Technology for digitally recording movement of humans or objects. 3D measurement of position and movement of joints and other regions that serve as focal points for movement (markers) enables recording “movement” as digital data suitable for computer analysis. This can be done optically by taking images of movements of the person wearing a body suit attached with markers or mechanically by recording movements through gyro (angular velocity) sensors or accelerometers attached to joints and other parts of the body.

Clothing and special training rooms that provide coaching: challenging the conventional wisdom in sports

—What are particular examples of results you hope to achieve?

Kashino: We can think of many different examples. Other than those that can be classified as multimedia training materials, going a step further, we hope to come up with clothing or special training rooms that provide coaching to athletes. For example, when an athlete wearing a smart suit enters the training room, his or her mental and physical conditions are instantaneously measured to provide information on his or her condition for the day and to display the optimum training menu suited to those conditions. Moreover, it would be great if we can create a system wherein clothing or special training rooms can function as competent “personal coaches” by providing accurate advice based on comparisons with past data or other people’s data.

—I think this can be used outside sports, too, like when you want to master a certain skill, this system can provide the most efficient training menu based on your current conditions and keep you motivated to train. What do you think would be the impact of your research on the world of sports?

Kashino: I think science and sports used to be two quite different worlds. From the field of sports, science was not something considered beneficial; while from the scientist’s point of view, sports has relied too much on experience and would benefit from a more systematic approach. We hope that we are somehow able to bridge the gap between these two worlds by presenting rational shortcuts in areas where systematic training was difficult to apply, such as in practicing special skills and in exercising mental control.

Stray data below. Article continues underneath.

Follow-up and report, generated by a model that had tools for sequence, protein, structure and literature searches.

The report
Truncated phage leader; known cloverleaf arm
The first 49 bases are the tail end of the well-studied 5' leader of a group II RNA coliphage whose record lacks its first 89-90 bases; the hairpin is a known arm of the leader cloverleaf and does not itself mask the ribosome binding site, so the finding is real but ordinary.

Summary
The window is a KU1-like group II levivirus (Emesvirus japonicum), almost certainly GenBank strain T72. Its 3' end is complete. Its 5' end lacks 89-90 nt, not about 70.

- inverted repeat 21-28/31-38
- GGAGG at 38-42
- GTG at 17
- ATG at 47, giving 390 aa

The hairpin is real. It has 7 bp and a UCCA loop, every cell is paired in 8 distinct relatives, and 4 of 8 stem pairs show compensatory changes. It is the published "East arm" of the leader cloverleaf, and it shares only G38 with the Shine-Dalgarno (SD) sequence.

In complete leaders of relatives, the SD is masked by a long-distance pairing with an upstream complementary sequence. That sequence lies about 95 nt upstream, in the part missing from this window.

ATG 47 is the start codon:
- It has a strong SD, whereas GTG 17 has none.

Also, there is more than one method for enhancing athletic performance, so I think it will be possible to provide the most effective training method suitable to each individual. For example, it would be appropriate for a type A person to be trained by a type A coach, but it would be disastrous for a type B person to train under a type A coach. If we can determine these specific types in detail through measurements, then I think we would be able to present effective training methods tailored to each individual.

Further, by presenting methods to enhance ways to move the body based on the person’s skill level, including children and top athletes, and even elderly persons, we hope to instill interest in sports among a greater number of people. I believe this would eventually lead to elevating the level of sports in general and contribute to the health and longevity of society as a whole.

(Text revised: April 10, 2018)

(Japanese text written by Madoka Tainaka)

Next: Article 3 (Part 1 of 2) Understanding the mental and physical state based on biometric data
» Back to Articles


SPECIAL CONTENTS | Feb. 18, 2016

Article 2 (Part 1 of 2) Understanding the inner mechanisms of the mind and body to find the essence of fine skills and methods for enhancing sports performance

Using ICT to comprehensively understand mental and physical reactions


SPECIAL CONTENTS | Oct. 19, 2016

Article 5 (Part 1 of 2) “hitoe”: Revolutionizing Sports and Medicine

The potential of functional materials able to get biological data, just by wearing them


SPECIAL CONTENTS | Dec. 28, 2016

Article 6 (Part 1 of 2) Improving Sports Technique using Sound and Rhythm

Sonification: Converting muscle activity to sound